The last one was important - it gave me a "fall-back" trade that paid enough to support myself if things didn't work out the way I wanted/expected, and that would give me time to recoup and find out what else to do. I sure didn't want to make a career of it, but it would buy me time.

I didn't really like any of those jobs, but they gave me some spending money while I was in a 2-year college, a sense of some independence, and they gave me work experience that was invaluable later on. I can fix my own furnace at 1:00 AM when it's zero outside, which I once did. Later on I finished the BS degree on my own.

So, maybe take a crappy job where you are for a while and see if you can stand it for a couple of years while you go to school and get yourself established in Maui, and then decide - is it worth a year or two or three in a job you don't like to get the one you do?

It was for me. "Your mileage may vary."
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Old 01-08-2008, 05:35 PM   #17
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Getting citizenship will be a hurdle I expect as well.
That wont be easy if you dont have a viable career or a serious job to go to,and before you get U.S citizenship you have to immigrate as a resident alien first then after 5yrs as a resident alien you have the option to become a U.S citizen,at this point I would put your odds at successful immigration as slim.
When i immigrated to the USA to take over my Dads company it took me almost 14 months of back and forth paperwork before i got my green card.
You would do well to Google some forums devoted to Canadians wanting to immigrate to the USA. Good luck..See if you qualify US IMMIGRATION - Immigration - Canada to USA - Green Cards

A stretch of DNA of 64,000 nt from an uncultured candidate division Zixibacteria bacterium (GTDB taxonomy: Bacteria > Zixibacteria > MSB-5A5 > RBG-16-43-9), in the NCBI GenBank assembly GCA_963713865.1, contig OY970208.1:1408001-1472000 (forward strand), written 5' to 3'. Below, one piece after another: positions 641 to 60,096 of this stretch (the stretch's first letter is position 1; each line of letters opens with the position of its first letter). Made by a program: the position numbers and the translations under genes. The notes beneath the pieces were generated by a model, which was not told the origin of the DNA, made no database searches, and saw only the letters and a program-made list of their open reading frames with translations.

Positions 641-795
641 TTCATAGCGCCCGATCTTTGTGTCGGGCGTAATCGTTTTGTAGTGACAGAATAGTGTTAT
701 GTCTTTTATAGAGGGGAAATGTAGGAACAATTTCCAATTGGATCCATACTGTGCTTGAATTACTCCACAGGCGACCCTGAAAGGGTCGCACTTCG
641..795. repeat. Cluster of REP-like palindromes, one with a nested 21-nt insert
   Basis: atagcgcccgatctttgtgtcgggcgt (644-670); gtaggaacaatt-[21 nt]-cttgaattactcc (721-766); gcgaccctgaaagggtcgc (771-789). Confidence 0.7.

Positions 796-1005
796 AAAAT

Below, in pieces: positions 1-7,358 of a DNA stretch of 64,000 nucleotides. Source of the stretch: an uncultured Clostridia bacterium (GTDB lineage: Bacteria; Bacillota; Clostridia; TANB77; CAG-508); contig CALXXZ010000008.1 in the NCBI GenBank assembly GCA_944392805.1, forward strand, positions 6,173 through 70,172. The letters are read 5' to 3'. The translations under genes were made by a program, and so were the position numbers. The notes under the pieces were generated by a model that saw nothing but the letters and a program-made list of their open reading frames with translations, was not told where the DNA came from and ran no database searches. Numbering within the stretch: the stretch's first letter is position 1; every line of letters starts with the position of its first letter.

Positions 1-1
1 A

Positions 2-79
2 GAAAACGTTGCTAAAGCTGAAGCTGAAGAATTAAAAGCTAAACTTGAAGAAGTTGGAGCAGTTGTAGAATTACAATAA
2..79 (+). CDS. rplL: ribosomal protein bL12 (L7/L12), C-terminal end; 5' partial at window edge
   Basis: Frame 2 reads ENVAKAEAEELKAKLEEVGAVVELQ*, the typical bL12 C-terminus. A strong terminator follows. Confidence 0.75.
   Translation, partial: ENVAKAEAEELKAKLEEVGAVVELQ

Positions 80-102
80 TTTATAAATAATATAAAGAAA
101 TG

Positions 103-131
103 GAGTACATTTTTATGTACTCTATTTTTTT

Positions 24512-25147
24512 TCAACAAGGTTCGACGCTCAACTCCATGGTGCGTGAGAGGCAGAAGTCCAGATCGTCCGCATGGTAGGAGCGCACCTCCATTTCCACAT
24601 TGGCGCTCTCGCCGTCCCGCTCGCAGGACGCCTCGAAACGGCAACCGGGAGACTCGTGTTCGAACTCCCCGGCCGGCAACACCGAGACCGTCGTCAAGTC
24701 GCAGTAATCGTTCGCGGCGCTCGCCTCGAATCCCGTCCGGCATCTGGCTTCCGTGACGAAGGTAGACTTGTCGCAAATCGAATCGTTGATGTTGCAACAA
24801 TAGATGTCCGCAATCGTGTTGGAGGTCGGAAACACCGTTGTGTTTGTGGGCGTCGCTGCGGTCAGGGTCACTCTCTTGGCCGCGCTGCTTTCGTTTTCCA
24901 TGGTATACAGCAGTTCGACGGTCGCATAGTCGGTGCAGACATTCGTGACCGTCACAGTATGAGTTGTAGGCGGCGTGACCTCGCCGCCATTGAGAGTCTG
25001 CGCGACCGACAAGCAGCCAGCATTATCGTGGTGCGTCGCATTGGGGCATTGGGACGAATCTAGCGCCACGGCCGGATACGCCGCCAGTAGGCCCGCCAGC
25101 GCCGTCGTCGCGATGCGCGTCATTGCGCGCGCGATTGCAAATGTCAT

And here's another site US Immigration | Green Cards

There are lots more sites but these will give you an idea of how high the hurdles are going to be.
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Old 01-08-2008, 06:58 PM   #18
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Please, forget about the forex trading. This is an area where profits equal losses, a zero-sum game. Someone is always on the loosing end, and most likely it is the person with limited experience.

Your best use of $10k is education, even if it's not in a field you plan to stay in. Just having a degree, any degree, will give you a big boost in income, which gives you the freedom you currently lack.
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Old 01-08-2008, 08:38 PM   #19
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This all sounds kind of weird to me?

Quite a few things don't add up.:confused:
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Old 01-09-2008, 04:32 PM   #20
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My best bet might be to rent something in maui, get a job (I have a decent resume so hopefully shouldnt be a problem) and do schooling in the evening (perhaps online). Long term, I would want to open my business again, own property and get a degree, perhaps as a nurse incase I can't get clients (though I doubt that).
Something like this really seems like the best option to me, but don't get hung up on Maui. There's plenty of other friendly places in the world that you could be happy and find friends.

I don't know anything about naturalpathic cleansing, but maybe you can find someone else that's got a business going and needs help, then eventually branch out on your own.

In order to get out of town though, I see a future of some jobs that'll help you make ends meet, and it probably won't be too fun. It's up to you if you're that unhappy at home.

As far as where to park your cash, I'd look into some of the high yield savings accounts that are floating around.